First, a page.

Chloé: The tech boom is a result of the current macroeconomic climate and San Francisco historically is a place of boom and bust. I think that technology continues to isolate us a humans, more recently by putting a tiny screen between us and the other humans around us. But I think that group experiences have become more valuable and meaningful. For example, seeing a live show with a bunch of strangers creates community through the shared experience, if just for a little while.
With the whole world feeling weird, unstable & more; what are the most important causes locally/nationally/internationally that the folks at home can get involved with?
Maggie: There are some obvious, hateful political decisions being made at a national and international level every day, and I know that it sometimes feels unstoppable and impossible to change. Firstly, I want to say that for a lot of people, it might not feel safe to speak their opinions, and I want to take a second to respect that. Minorities, people of color, immigrants, trans people, and so many others feel physically unsafe in this climate, and as a white American citizen, I want to fight on their behalf. People of color and trans people have been pulling a massive weight by writing and speaking about their experiences on social media, teaching us all valuable lessons about our internalized racism, misogyny, and transphobia. It’s now our job to listen, read up on their experiences, and to not stand by when we see examples of oppression in our lives (and we ALL see them EVERY DAY). This article explains a lot of really cool topics in intersectional feminism, and it comes with a lot of sources and extra reading.
Bri: Number one for me is dismantling white supremacy, as that ugliness is what brought us to the situation we found ourselves in. I think any cause that works on the protections of any oppressed group at this time is obviously important—immigrants, people of color, people with disabilities, queer and trans folks, women. I think local causes are especially important, but on a larger scale, it is important to let legislators know very loudly that we will not just sit by as our fascist regime further brutalizes people that have already been oppressed and brutalized over the entirety of this country’s history.
What artists & arts do you all want to recognize right now that are making a difference?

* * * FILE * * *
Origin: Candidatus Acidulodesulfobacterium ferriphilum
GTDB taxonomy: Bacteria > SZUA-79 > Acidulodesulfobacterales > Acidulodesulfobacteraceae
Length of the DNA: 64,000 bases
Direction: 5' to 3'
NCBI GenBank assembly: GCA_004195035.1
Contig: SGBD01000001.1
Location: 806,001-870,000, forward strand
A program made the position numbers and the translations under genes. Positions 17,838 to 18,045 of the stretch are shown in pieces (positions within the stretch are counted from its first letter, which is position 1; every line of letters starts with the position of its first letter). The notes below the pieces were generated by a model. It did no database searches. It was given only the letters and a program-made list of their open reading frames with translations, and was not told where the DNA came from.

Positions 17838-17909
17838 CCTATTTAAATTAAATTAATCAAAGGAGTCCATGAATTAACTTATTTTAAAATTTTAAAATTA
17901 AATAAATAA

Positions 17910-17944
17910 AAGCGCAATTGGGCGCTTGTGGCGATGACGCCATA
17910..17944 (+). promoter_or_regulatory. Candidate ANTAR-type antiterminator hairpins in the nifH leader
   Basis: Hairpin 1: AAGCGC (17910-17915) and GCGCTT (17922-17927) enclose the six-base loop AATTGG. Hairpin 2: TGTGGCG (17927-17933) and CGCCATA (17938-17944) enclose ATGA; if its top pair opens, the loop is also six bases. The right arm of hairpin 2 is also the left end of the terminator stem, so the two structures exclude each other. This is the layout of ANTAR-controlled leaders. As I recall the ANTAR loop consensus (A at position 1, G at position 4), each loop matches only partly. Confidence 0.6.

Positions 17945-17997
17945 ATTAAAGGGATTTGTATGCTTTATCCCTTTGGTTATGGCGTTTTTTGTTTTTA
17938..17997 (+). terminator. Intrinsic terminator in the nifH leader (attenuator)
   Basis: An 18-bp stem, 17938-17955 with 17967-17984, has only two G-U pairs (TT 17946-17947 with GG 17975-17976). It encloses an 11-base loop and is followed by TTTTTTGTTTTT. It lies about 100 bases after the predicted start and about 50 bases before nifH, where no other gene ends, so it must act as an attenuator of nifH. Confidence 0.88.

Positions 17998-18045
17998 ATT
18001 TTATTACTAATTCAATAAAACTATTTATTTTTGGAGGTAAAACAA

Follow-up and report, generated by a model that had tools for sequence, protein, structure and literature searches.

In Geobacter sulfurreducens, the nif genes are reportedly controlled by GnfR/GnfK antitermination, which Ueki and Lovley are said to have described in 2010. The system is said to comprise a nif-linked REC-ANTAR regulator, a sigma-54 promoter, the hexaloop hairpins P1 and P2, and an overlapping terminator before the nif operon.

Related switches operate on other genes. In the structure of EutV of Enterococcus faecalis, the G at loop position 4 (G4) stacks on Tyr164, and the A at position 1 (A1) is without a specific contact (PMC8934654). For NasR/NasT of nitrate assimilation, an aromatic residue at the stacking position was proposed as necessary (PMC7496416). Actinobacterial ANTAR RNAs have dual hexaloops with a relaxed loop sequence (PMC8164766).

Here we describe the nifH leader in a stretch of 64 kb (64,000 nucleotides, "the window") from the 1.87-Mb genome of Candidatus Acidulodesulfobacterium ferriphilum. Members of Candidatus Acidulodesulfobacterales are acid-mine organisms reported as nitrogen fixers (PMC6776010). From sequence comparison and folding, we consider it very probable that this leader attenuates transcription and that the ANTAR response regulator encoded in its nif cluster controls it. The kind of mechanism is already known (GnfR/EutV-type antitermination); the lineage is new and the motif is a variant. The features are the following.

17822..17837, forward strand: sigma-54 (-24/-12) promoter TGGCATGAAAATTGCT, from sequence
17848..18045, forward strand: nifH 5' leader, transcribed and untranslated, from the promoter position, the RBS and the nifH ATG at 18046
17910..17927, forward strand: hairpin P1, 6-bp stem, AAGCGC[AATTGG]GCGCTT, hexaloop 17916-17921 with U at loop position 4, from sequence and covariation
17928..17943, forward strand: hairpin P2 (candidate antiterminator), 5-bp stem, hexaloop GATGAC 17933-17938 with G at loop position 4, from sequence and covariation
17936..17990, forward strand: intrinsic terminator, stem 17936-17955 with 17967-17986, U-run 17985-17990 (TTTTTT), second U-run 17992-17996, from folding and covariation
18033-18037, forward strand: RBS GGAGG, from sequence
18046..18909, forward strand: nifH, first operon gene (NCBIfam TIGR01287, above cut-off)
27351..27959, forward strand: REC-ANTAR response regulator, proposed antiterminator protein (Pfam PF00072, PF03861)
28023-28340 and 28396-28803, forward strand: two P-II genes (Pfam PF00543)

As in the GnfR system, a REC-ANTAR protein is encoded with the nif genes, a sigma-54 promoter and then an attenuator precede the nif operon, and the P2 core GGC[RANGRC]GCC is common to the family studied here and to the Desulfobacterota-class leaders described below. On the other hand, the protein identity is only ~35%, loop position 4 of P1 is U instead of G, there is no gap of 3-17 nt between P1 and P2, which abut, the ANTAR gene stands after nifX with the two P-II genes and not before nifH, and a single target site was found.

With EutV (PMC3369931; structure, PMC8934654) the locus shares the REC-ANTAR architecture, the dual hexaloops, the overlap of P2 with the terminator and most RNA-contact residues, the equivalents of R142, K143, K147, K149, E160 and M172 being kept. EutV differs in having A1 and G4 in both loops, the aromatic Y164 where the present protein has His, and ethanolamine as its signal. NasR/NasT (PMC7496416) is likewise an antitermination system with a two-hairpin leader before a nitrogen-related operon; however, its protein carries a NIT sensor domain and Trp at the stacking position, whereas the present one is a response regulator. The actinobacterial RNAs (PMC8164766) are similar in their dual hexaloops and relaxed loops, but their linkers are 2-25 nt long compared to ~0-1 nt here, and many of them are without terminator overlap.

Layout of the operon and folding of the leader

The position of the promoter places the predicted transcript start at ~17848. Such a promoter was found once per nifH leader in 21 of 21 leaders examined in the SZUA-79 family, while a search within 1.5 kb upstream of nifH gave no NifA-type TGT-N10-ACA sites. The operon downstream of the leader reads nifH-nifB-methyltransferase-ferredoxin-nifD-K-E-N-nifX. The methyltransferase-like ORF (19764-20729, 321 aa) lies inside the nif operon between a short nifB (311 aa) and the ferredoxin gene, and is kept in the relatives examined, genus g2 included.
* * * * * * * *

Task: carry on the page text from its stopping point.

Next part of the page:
Maggie: I did mention a few local musicians that are fighting the good fight out there, but I will also happily shout out the safe and queer spaces in the Bay Area where people can come together: Qulture Collective, Anti Lab, and the groups advocating for more diversity and empowerment in the music scene: Women’s Audio Mission and SF Girls Rock Camp to name a few. It sometimes seems like an impossibly huge task, but these spaces make it possible for us to support a culture of inclusion and safety in a misogynistic and sometimes dangerous scene.
Bri: I just saw Jay Som’s sold out show at the Rickshaw Stop a few days ago—Melina is such an amazing songwriter and musician and a completely captivating performer, and Jay Som is a very talented and tight band. I laughed, I cried, and I fell in love with all of her songs all over again. I’m so happy to see her career taking off in the way that it is. There are so many others, of course, with my main squeezes at this time including Charly Bliss, All Dogs, Bully, and Dyke Drama.
Chloé: PWR BTTM—we had the privilege of opening for them at Noise Pop and their message of inclusiveness and empowerment was inspirational.
Parting thoughts of wisdom & knowledge?
Maggie: If you are not currently in a band, I urge you to start/join one! It is the best thing I have ever done for myself. I met some of my best friends through The Total Bettys and these past two years have been literally the most fun of my life.
The Total Bettys’ debut full-length album Peach will be available May 12 through Lauren Records with cassette pre-orders available now.